Generation Alpha is the new name for the first generation to be born in the 21st century. They shall never know life beyond smartphones and smart assistants. It is predicted that they would be as dependent on AI as Generation Z and Millenials are on the internet.
Peter Rejcek, a journalist, takes a dig at how AI is about the change the world, and how it would affect AI development moving forward. Singularity Hub published his post on May 14, which naturally focuses on healthcare figures.
Rejcek writes, “AI is already transforming healthcare and longevity research. Machines are helping to design drugs faster and detect disease earlier.”
Though it is not new, Rejcek has summarized a few specific recent studies on the influence of AI in healthcare, and he pointed out that artificial intelligence (AI) appears in approximately 90,000 publications archived on PubMed.
He has also looked into the coming role of AI for Generation Alpha, born between 2011 and 2025, both in research and education.
Introducing the AI Doctor
The healthcare industry has adopted AI like none other, making it an integral part of the business. In fact, AI has already transformed healthcare plus longevity research. In fact, machines are now assisting drug design and earlier disease detection.
It is also predicted that AI would influence not just diagnosis and treatment of diseases in children, but also how we choose which child would be born first.
An NPJ Digital Medicine study published by the Weill Cornell Medicine scientist used 12,000 human embryo photos taken after five days of fertilization to train AI algorithms on how to suggest which in vitro fertilized embryo had the best chances of successful pregnancy based on quality.
Each embryo was assigned a grade based on different aspects of appearance. Investigators used statistical analysis to correlate that grade with the chances of success. Stork, the algorithm, successfully classified the quality of a new set of photos having 97 percent accuracy.
Dr. Olivier Elemento, director of the Caryl and Israel Englander Institute for Precision Medicine at Weill Cornell Medicine, was quoted in a press release as he said, “Our algorithm will help embryologists maximize the chances that their patients will have a single healthy pregnancy. The IVF procedure will remain the same but we’ll be able to improve outcomes by harnessing the power of artificial intelligence.”
Other doctors and medical researchers have identified the potential of applying AI to detect signs of possible developmental issues in newborns. European scientists are working with a Finnish AI startup to create seizure monitoring technology. They have developed a technique to detect movement patterns, which might indicate conditions such as cerebral palsy.
The study was published in the journal, Acta Pediatrica, which relief on an algorithm for extracting the movement from a newborn, and further turning it into a simple “stick-figure” that medical experts could use to detect clinically relevant data.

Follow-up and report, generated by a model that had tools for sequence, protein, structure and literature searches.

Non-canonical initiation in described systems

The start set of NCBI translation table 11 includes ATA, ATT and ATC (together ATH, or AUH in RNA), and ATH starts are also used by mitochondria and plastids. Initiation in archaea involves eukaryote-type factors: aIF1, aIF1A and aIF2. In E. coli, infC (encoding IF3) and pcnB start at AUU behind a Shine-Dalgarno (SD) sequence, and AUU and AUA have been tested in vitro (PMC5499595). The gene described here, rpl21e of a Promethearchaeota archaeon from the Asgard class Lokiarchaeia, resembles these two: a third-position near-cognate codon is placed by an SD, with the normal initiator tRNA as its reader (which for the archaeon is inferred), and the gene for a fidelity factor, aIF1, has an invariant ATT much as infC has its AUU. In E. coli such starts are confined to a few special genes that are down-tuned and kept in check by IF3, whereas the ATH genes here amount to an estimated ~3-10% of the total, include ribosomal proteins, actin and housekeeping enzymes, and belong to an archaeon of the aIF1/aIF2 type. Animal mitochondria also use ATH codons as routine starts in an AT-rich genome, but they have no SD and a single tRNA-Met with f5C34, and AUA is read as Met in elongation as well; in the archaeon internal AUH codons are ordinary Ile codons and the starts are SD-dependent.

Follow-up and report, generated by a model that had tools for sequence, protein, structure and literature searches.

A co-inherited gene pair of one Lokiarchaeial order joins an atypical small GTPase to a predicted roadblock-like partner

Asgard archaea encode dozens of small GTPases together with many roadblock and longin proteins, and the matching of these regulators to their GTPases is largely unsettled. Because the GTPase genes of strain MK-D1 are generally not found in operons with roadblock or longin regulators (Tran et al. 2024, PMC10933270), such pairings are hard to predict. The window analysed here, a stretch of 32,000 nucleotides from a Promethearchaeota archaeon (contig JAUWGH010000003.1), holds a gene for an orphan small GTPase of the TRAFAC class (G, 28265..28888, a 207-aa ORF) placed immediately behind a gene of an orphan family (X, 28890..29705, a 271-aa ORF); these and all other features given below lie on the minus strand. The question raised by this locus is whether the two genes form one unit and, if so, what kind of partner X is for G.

Researchers are continuously improving datasets, which includes using 3D video recordings. They are also developing AI-based methods to determine the motor maturity of a child and its development as per age.
Meanwhile, another study published in Nature Medicine, in the month of February, discussed the potential of using AI for diagnosing pediatric diseases.
AI Becomes Sophisticated
After the weaning spree of algorithms, Generation Alpha shall be exposed to books about machine learning.
In fact, China is already spending billions on the latest AI technologies, with a Chinese city pledging almost $16 billion to develop a smart economy that is based only on artificial intelligence.
China wants to dominate the world by 2030 with its AI technologies. Chinese cities have started incorporation AI education into the high school curriculum. According to the South China Morning Post report, China published the first high school textbook on AI last year. Over 40 schools are already participating in the pilot program involving SenseTime, which is the biggest AI company in the country.
In America, where every child is believed to have access to their personal AI assistant, researchers have just started understanding how the omnipresence of intelligent machines would influence the ways children interact and learn with their overly digitized environments.
Concerns have been raised by Stefanie Druga, a member of the Personal Robots group at the MIT Media Lab and Sandra Chang-Kredl, an associate professor of the department of education at Concordia University, about the interaction between children and AI devices. In fact, they have stated that AI could have significant detrimental effects on the emotional connectedness and learning creativity of children.
In a Medium blog post, Druga wrote, “I believe it’s important to also introduce young people to the concepts of AI and machine learning through hands-on projects so they can make more informed and critical use of these technologies.
Druga founded Hackidemia, an international organization sponsoring labs and workshops around the world to introduce kids to emerging technologies at a tender age.
She wrote, “I think we are in an arms race in education with the advancement of technology, and we need to start thinking about AI literacy before patterns of behaviors for children and their families settle in peace.”
sepStream®is the most sophisticated and technology-enabled diagnostic solution. Using AI-enabled diagnostic and imaging tools, the company delivers quick imaging results to people and ensures accuracy.